Wednesday, November 23, 2011

Begining the Quest. (Being Single Pt. 2)

We last left ourselves healing and confused. Breakups are difficult, but most people manage to survive that garbage only to find a lack of direction....

Sometimes our choices are suspect.

So you're (mostly) over your ex now. A lot of people use this as a catalyst to try to change things about themselves that brought them to where they are today. Some people seek out a gym membership, or maybe a new job. I've done both and, let me tell you, not always a good idea.The regret you feel will fade, but the gym will always be filled with enormous douchebags.

He doesn't know where the G-spot is.

It's a normal impulse to want to "fix yourself", but you are an amalgam of millions of decisions and billions of organisms, and odds are you're not going to change by much, but this is still a healthy part of the process. What you are doing is separating the BEFORE from the AFTER, this creates a nice little emotional barrier and helps to create some distance for us. Sometimes this really can motivate us to make good decisions, for instance finally finding the motivation to pursue your career, but at least we're out of the house and not at home in the dark freebasing Ben and Jerry's.

This isn't a bad thing, your previous life was defined by another person, and you probably have a fuckton of time and energy to spend on something, so why not yourself? I like this phase, it's about renewal and moving onward with life. It can be difficult to get started, but change can be a good thing, you just have to make sure that it's in the right direction.

But here we have a pretty big obstacle. Our minds have evolved to recognize patterns and it is really easy to start finding reasons for things that may not have the influence over your fate that you think it does. I'm sure that for every glaring personality flaw that you think that you have, there's somebody out there with a fetish for it. I am personally attracted to outspoken and aggressive women, but I've known tons of women to complain that it's a real turn off for guys. So? Who gives a shit what those guys want, it sure as hell isn't somebody like you, find somebody without self-esteem issues. It's also easy to start to look for attributes in our respective mates, for instance being bossy and bitchy (see what I did there?) that may have assisted in the downfall of our relationships. The fault doesn't lie with them, or even our attraction to that personality trait, but in our realistic understanding of ourselves and our limitations. And for this you need the perspective that only distance can provide.

I can see my faults from here!

I don't recommend this for everybody, but I typically enjoy a long period of celibacy after my long term relationships. I've always been one of those people who transition very easily into serious relationships, apparently I make women comfortable, and the only way to keep from being one of those unfortunate serial daters locked into perpetual habits, is for me to completely abstain. This isn't even an intellectual decision; right now, and for the next several months at least, the idea of being intimate with someone kind of repulses me. Ew.

I'm entering into this phase now. I've been through enough serious breakups finally to have a pretty well constructed road map. This is probably the only time in my life where I feel comfortable showing weakness and I like to take advantage of it. I got to stop by the old house a few nights ago and, after my ex left for work, I walked around the house simply saying goodbye to things. I walked into each room, touching places that really meant something to me and just held our dogs for a while. I woke up the next morning feeling baptized, reborn even. So here I am now. What to do?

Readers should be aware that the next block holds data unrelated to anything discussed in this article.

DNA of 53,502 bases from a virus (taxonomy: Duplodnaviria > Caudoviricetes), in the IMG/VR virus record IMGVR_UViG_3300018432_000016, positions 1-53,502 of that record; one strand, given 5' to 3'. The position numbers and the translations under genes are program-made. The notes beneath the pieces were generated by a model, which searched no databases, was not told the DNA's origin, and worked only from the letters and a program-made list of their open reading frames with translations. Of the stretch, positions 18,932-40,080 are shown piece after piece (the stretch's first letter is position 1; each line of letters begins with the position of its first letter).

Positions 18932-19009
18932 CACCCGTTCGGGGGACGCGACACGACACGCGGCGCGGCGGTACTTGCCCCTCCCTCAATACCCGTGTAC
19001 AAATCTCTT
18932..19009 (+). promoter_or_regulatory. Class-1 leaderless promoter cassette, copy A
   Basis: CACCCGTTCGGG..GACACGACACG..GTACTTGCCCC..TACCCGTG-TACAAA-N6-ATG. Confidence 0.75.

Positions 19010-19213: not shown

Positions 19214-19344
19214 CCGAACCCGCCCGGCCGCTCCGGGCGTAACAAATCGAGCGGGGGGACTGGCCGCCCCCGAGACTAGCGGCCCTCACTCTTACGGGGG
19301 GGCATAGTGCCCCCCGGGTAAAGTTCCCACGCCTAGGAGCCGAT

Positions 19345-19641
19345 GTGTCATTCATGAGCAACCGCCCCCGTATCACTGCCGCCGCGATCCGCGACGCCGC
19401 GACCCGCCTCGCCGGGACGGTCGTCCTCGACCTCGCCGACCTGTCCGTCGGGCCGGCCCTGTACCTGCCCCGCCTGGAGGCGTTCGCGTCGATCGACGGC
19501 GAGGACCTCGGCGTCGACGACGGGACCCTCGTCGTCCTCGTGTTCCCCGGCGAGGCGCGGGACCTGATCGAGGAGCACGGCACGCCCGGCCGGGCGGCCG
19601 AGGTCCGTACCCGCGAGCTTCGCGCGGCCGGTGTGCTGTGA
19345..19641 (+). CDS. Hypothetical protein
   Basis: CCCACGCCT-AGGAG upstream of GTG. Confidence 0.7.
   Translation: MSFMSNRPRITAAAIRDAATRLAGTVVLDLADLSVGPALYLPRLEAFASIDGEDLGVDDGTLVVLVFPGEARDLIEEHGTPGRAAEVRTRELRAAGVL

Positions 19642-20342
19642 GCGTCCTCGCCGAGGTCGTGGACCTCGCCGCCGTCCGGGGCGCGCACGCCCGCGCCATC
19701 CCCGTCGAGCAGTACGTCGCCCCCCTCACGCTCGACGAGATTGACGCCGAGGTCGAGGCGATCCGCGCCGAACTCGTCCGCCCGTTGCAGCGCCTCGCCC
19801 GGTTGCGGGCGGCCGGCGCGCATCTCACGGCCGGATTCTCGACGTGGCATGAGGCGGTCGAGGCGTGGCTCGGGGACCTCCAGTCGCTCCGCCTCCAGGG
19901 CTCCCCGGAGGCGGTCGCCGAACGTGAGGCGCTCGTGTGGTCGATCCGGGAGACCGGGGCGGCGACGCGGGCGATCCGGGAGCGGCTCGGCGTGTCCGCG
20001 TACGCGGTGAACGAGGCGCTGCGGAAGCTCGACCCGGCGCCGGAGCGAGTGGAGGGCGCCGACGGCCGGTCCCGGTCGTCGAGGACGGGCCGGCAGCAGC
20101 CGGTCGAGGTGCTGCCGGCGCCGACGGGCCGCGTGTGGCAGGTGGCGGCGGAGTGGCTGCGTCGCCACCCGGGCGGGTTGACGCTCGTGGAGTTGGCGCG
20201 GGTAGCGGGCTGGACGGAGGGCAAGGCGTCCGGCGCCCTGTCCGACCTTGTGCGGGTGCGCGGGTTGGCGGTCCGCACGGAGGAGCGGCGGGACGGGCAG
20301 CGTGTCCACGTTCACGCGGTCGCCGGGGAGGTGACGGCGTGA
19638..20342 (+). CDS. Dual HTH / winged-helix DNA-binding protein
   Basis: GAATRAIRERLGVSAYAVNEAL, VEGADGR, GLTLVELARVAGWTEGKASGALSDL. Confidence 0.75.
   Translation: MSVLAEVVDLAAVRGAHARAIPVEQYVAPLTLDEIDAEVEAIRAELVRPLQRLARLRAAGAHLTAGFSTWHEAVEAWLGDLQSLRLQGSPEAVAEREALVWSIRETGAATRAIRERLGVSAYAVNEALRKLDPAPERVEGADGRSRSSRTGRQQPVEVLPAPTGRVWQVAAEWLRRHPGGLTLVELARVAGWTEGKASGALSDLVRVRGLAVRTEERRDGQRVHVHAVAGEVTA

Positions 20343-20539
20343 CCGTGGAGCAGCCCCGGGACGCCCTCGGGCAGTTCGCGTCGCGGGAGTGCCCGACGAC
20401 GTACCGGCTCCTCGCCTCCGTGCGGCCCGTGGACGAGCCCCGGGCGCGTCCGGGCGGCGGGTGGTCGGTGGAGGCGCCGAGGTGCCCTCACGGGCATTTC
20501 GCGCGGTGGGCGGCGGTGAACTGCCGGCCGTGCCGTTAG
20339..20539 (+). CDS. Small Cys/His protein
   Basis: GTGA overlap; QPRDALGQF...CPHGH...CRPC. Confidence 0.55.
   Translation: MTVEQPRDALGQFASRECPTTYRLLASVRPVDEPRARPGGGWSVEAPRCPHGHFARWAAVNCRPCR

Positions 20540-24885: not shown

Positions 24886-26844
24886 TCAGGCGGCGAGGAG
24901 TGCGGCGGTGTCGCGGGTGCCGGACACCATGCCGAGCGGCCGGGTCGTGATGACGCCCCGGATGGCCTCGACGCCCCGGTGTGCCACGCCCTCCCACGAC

I decided to go back to one of my old loves.

There she is.
Microstory: I was an angry kid. In elementary school I used to knock over my desk and throw my books at the teacher, stuff like that. I was constantly challenging authority and getting into trouble. Idaho always dealt with this the same way, by putting me with a masculine teacher who would have me run laps around the field to "burn off my energy" instead of trying to solve the root cause of the problem. I'm pretty sure this is how a lot of inmates are made. For two years we lived in Washington state and it didn't take them very long to hook me up with a child psychologist who had me making model airplanes and talking about my relationship with my parents. This was probably facilitated by me getting kicked out of gym class and deciding to walk home when I was 9 or 10. The teacher freaked out, I vaguely remembering someone mentioning that she thought she was going to get fired for losing one of her students, but Washington state decided to find a solution to my issues and not to just agitate me. Now that I'm an adult and know that this was just a difference in policy, it still doesn't change how my inner child feels about the first society of adults who actually treated me like a real person. It's silly I know, but most of my vacations have been to the Emerald city, and I always feel at home there, so that's where I'm going. I've decided to take a few years off from this normal life thing and chase the only thing that I've ever been good at, being moderately funny on stage in front of groups of strangers.

Wish me luck.


  1. Even if treating you with respect was "just a difference in policy," it still says a lot about the people of an aread what policies they have. Idaho has always been about the big stick first.

  2. I agree. We're pretty good at making crazies tho.